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      Members Only Fluid Forum View   08/08/2017

      Fluid forum view allows members only to get right to the meat of this community; the topics. You can toggle between your preferred forum view just below to the left on the main forum entrance. You will see three icons. Try them out and see what you prefer.   Fluid view allows you, if you are a signed up member, to see the newest topic posts in either all forums (select none or all) or in just your favorite forums (select the ones you want to see when you come to Fishing Minnesota). It keeps and in real time with respect to Topic posts and lets YOU SELECT YOUR FAVORITE FORUMS. It can make things fun and easy. This is especially true for less experienced visitors raised on social media. If you, as a members want more specific topics, you can even select a single forum to view. Let us take a look at fluid view in action. We will then break it down and explain how it works in more detail.   The video shows the topic list and the forum filter box. As you can see, it is easy to change the topic list by changing the selected forums. This view replaces the traditional list of categories and forums.   Of course, members only can change the view to better suit your way of browsing.   You will notice a “grid” option. We have moved the grid forum theme setting into the main forum settings. This makes it an option for members only to choose. This screenshot also shows the removal of the forum breadcrumb in fluid view mode. Fluid view remembers your last forum selection so you don’t lose your place when you go back to the listing. The benefit of this feature is easy to see. It removes a potential barrier of entry for members only. It puts the spotlight on topics themselves, and not the hierarchical forum structure. You as a member will enjoy viewing many forums at once and switching between them without leaving the page. We hope that fluid view, the new functionality is an asset that you enjoy .
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BoxMN

I learned something new - acid stain

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My cousin showed me to acid stain my concrete in my basement (with wirsbo/heat in floor). This is from the bathroom, where he "made" me grind in some cool grout lines to look like big tile. Now that I know how to do it, and have confidence, I am going to put a really cool pattern with BIG diagnol tiles at the bottom of the stairs out to the walkout door, when I get that far..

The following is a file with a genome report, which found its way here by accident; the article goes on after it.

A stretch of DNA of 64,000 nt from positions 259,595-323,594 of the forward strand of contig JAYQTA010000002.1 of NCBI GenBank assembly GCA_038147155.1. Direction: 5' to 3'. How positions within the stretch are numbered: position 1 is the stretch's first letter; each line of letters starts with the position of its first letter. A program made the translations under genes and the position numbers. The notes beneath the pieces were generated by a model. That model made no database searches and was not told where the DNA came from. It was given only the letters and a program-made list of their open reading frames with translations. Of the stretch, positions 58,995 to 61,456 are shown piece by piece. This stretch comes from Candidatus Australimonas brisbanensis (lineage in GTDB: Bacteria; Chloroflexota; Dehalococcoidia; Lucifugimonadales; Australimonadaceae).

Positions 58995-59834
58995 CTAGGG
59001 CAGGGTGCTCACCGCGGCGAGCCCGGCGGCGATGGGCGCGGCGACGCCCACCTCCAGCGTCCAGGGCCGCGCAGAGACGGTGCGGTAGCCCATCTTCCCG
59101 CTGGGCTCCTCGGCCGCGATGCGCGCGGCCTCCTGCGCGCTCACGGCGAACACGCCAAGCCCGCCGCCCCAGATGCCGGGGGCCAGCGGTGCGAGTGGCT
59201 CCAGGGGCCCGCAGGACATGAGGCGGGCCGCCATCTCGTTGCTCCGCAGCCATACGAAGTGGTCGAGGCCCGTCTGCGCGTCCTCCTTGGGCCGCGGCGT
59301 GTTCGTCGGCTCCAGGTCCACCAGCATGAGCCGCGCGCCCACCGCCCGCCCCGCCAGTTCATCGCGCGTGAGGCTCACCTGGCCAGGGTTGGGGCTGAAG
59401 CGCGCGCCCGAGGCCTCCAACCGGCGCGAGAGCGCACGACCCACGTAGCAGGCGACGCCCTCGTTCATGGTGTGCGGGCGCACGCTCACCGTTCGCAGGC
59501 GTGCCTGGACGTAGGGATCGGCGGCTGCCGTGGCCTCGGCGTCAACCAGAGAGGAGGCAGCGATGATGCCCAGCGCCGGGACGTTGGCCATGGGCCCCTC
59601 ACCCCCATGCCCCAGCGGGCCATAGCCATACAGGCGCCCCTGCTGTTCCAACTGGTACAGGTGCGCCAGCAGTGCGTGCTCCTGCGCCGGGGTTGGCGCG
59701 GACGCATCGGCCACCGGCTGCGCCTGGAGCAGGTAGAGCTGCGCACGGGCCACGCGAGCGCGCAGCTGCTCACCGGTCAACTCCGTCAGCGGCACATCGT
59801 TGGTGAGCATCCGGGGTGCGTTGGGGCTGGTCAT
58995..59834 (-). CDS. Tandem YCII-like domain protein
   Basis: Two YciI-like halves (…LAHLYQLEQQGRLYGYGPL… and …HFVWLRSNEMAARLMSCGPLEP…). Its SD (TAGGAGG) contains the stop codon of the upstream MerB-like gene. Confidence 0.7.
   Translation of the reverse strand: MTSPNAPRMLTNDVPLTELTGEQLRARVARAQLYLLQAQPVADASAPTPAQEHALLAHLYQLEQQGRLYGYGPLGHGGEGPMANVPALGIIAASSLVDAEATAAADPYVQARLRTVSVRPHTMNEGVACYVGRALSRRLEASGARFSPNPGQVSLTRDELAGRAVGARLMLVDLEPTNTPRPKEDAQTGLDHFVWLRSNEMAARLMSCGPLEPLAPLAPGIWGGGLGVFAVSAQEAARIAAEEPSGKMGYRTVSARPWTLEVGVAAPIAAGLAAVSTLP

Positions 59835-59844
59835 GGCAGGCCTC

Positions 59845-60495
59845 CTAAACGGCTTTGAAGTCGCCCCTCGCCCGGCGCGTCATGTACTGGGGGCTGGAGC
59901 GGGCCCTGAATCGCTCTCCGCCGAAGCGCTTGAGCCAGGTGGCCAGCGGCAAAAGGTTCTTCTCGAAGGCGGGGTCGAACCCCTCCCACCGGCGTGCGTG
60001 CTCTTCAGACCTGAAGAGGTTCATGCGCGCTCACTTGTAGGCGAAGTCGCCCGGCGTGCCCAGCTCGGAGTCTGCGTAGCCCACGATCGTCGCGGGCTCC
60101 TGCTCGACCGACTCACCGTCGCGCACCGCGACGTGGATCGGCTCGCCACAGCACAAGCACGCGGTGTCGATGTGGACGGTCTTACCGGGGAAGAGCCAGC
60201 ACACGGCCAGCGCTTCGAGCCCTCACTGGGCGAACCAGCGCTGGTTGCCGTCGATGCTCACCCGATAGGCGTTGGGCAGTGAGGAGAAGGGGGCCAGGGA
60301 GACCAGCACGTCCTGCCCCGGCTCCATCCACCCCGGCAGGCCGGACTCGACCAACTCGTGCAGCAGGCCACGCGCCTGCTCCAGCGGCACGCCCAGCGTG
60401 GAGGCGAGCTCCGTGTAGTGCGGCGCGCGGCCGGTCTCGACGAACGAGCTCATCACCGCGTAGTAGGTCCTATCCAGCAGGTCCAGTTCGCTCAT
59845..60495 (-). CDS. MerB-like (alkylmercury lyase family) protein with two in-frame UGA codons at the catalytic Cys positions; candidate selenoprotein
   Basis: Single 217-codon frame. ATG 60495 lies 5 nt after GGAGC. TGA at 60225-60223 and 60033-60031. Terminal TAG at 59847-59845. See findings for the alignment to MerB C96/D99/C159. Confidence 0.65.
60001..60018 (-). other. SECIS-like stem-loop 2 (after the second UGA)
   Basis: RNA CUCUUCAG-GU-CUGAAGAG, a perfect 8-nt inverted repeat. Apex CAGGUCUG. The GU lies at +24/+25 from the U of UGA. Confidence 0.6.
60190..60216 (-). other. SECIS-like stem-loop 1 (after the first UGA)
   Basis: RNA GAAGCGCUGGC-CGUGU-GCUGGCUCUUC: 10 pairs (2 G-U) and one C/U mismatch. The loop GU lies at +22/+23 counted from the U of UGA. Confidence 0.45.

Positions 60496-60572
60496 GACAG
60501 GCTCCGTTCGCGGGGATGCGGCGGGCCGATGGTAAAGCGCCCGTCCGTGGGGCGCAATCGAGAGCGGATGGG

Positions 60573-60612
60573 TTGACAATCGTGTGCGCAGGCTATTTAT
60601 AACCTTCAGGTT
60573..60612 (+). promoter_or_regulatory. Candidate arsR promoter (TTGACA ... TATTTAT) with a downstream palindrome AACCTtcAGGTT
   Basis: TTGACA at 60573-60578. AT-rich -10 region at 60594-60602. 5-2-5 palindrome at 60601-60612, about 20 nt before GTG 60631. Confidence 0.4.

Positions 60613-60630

The "copper petina" or greenish is a bedroom, and it was and Amber color first, followed by Copper Petina, followed with a hint of some dark browns over the top. It was neat to do, but they left me to do the mopping afterward, haha!! The mopping is a hassle but certainly not hard. The little splotch in the bedroom was a spill :)

 

 

IMG_4481.JPG

bathroom floor 2.jpg

bathroom floor 3.jpg

bathroom floor.jpg

bedroom 1.jpg

IMG_4474.JPG

Edited by BoxMN

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It looks good.I am in the midst of a home renovation right now.I thought about getting either a ceramic tile or porcelain.I read a blog that listed out the benefits of having both ( http://www.avonlearenovations.com/blog/home-renovations/ceramic-versus-porcelain-tile-does-the-difference-matter-to-you/ ). Can this acid paint be done on either of these tiles? 

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I am no pro, obviously, but I am pretty sure the stain cannot be used over those, as they already have finishes on them. If it has ever been sealed or other type "finish" applied to it, the stain won't be absorbed and react with the floor/concrete. For example, even areas that had drippings of pvc cement do not react with teh stain. The acid stain has some type of chemical reaction with the content of the concrete. 

 

I do know that you can keep adding additional acid stain, or even water based stain, as long as you don't seal the floor. Just make sure to always start with lighter stain, and move to darker, as once the reaction takes place there is no going back or making a lighter color cover the darker color.

 

I did an additional room using only water based stain and it not nearly as cool looking or deep colors as the acid stain. Had I known you can add acid over water based, before sealer, I would not have added the sealer over the coatings of water based, but added more acid to change color a bit.

 

Others more knowledgeable than me can correct anything I misspoke about.

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While they may look complicated and scary to work with, it is not too difficult.

A little practice and creativity.

First pic is done by means of hand tossing (or little different pattern is by spray bottle) xylene or denatured alcohol onto epoxy.

Sticks, leaf blowers/hairdryers, back rolling/ Swedish trowels all give a certain pattern.

You can see in pic 2 back rolling can give an acid stain appearance.

Pic 3 is blown.

Just a bummer product price is not super friendly.

However epoxy can take quite a beating, including acids.

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